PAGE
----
To read this passage and apply it faithfully to our lives takes a lot of courage, I think. The gist of it seems to be that it is not possession of the law that matters to God, but the practice of it.
When we take that principle and expand it a bit to include God’s special revelation throughout His Word, the application to us becomes clear: It is not possession of Scripture (or the truths, passages, or doctrines therein) that matters to God), but the practice of it.
Claiming to possess Scripture without practicing what it teaches, has the same result as when Jew’s claimed to observe the law without being faithful to the Spirit behind it: God is blasphemed among those who do not believe. In the double standards they rightly observe, people find reason to justify their irreverence.
In the larger context of the book of Romans, this passage shows how even religious people have sinned and are in need of God’s saving grace through Jesus Christ. Remembering that all of us have sinned and fallen short of God’s glory keeps us from being self-righteous and smug. It reminds us of Jesus’ words that we are to remove the log from our own eye before we try to remove a speck from anybody else’s. It keeps us from becoming arrogant.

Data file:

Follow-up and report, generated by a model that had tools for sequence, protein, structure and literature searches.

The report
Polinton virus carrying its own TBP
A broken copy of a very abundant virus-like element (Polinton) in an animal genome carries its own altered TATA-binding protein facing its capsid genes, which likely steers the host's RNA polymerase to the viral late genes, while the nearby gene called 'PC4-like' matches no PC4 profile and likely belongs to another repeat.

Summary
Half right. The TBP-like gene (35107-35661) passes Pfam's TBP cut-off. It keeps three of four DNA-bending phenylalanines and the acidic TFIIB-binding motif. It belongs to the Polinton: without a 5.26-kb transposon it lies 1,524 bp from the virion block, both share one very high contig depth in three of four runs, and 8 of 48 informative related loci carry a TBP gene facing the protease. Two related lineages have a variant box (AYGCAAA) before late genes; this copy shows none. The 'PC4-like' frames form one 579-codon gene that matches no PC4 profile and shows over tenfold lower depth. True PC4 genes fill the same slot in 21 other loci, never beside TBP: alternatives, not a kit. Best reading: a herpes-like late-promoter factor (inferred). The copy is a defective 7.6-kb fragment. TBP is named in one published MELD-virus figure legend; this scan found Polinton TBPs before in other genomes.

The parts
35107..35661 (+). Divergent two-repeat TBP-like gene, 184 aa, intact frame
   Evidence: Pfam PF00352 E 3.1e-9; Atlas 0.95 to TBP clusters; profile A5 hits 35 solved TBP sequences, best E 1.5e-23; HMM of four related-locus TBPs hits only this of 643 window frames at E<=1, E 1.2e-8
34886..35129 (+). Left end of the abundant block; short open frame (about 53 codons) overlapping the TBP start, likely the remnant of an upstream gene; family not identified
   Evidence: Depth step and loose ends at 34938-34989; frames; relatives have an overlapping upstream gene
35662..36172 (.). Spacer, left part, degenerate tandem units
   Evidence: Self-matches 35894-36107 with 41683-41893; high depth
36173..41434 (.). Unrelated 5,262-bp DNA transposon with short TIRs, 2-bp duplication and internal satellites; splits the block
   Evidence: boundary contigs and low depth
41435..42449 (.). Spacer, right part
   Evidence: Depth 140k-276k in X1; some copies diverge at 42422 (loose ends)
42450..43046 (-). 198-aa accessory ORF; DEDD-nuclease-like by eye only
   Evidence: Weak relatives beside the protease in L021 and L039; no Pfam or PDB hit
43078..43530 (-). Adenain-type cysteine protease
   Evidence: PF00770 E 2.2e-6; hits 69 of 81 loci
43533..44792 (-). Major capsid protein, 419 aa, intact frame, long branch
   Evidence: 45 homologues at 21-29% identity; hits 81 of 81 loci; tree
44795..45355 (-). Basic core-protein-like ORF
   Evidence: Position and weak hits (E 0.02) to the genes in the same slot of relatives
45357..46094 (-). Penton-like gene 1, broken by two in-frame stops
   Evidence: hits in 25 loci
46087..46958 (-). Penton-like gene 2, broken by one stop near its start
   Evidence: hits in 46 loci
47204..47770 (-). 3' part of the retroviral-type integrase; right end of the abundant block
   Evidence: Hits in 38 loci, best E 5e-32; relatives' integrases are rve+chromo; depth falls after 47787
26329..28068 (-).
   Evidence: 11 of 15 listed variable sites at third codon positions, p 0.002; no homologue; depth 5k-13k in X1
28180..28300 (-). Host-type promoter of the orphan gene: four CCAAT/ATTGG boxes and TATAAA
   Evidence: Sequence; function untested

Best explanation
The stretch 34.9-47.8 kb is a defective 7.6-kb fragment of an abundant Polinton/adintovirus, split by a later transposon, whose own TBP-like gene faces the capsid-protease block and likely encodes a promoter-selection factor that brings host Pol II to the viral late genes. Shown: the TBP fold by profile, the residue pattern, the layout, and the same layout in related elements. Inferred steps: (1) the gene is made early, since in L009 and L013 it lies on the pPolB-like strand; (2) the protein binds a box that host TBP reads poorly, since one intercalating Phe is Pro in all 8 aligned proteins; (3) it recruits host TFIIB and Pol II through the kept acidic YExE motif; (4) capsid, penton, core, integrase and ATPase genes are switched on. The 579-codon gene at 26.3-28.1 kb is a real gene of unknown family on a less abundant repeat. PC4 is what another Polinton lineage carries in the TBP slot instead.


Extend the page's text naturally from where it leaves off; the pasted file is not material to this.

It is awfully hard to own up to all that is wrong with us, and how badly damaged we are. It is awfully hard to admit our own faults and failings—the ones that really are hurtful, destructive and damaging. The result is that it is often easier to dwell on the problems of others than to face our own.
But that is precisely what we must do, because—as the Bible so clearly proclaims—it is when we are weak that Christ’s power is most clearly at work within us. It is only in being aware of the magnitude of the grace extended to us that we become gracious with others. It is only in realizing how deeply we are loved—and a what cost!—that we love God with our heart, mind and strength, and come to love our neighbors as ourselves.